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The Florida Supreme Court will hear arguments over penalties for local gun restrictions

The Leon County Courthouse
WFSU Public Media
The Leon County Courthouse

The Florida Supreme Court will hear arguments Thursday morning in a challenge to a 2011 state law surrounding guns. Leon County government is part of that case.

A preemption law passed in 1987 says municipalities cannot have gun regulations stricter than those passed by the state. The 2011 law boosted penalties for such occurrences. It includes language that allows local leaders to be fined and even removed from office for enforcing such policies.

The City of Tallahassee was sued in 2014 by gun rights groups over two ordinances that were no longer being enforced but had not been repealed. An appeals court sided with the City but did not rule the preemption law unconstitutional.

Individuals and municipalities are challenging the penalties, alleging the 2011 law violates a type of legal immunity granted to local leaders and governments. The law was struck down by a Leon County circuit judge in 2019. Last year, an appeals court overturned the judge’s ruling.

Florida Agriculture Commissioner Nikki Fried, a gubernatorial candidate and the only statewide elected Democrat, is a plaintiff in the latest legal challenge. Prior to Fried taking office in 2019, the agriculture department was a defendant in the case.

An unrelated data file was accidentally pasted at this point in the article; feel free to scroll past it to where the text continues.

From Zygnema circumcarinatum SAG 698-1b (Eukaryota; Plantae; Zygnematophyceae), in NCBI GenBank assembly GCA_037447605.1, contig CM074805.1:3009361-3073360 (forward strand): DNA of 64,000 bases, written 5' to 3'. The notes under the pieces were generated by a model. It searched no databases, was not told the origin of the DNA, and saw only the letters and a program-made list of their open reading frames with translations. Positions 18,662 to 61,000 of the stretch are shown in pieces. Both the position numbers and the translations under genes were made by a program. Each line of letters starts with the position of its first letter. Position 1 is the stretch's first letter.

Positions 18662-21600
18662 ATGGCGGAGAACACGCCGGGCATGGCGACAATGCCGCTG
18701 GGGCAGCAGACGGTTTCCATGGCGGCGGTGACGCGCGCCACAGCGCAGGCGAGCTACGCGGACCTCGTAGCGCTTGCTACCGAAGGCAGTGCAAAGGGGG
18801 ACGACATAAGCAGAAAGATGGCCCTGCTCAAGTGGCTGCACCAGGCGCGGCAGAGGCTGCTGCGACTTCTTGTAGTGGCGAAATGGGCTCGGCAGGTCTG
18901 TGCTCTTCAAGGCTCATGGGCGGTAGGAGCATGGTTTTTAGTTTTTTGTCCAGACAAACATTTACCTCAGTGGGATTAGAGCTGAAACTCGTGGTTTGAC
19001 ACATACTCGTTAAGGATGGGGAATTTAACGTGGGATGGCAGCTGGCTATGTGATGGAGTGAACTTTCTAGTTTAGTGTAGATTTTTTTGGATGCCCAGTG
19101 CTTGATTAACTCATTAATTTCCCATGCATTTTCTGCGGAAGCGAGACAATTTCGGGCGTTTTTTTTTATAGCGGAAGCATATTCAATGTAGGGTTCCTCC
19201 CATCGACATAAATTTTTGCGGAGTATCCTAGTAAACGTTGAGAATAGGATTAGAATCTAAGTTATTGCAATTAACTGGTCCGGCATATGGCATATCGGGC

We sent interview requests to Leon County and Tallahassee leaders. We received one written statement due to pending arguments. Here is part of that statement from Leon County Commission Chairman Bill Proctor:

“So-called pre-emptive power is synonymous to Republicans who seek to sanitize and eliminate Black and Brown elected leaders.

Pre-emption rules are unconstitutionally vague and formless. These rules lack clear due process of appeals truly independent to review punishment against targeted officials. Must elected officials (be) forced to pay their own legal bills while performing their legislative roles of public policy making???

This Republican measure is arbitrary, capricious, racist and political to its core. If state pre-emption carries forth, then the first amendment for local officials would be reduced to mere toilet paper.”

~Chairman Bill Proctor, Leon County District 1 Commissioner

*Updated for clarity: Interview requests were sent to city and county communications managers. The only comments we received were from Commissioner Proctor, and the comments were in writing due to the pending legal arguments.

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Gina Jordan is the host of Morning Edition for WFSU News. Gina is a Tallahassee native and graduate of Florida State University. She spent 15 years working in news/talk and country radio in Orlando before becoming a reporter and All Things Considered host for WFSU in 2008. She left after a few years to spend more time with her son, working part-time as the capital reporter/producer for WLRN Public Media in Miami and as a drama teacher at Young Actors Theatre. She also blogged and reported for StateImpact Florida, an NPR education project, and produced podcasts and articles for AVISIAN Publishing. Gina has won awards for features, breaking news coverage, and newscasts from contests including the Associated Press, Green Eyeshade, and Murrow Awards. Gina is on the Florida Associated Press Broadcasters Board of Directors. Gina is thrilled to be back at WFSU! In her free time, she likes to read, travel, and watch her son play football. Follow Gina Jordan on Twitter: @hearyourthought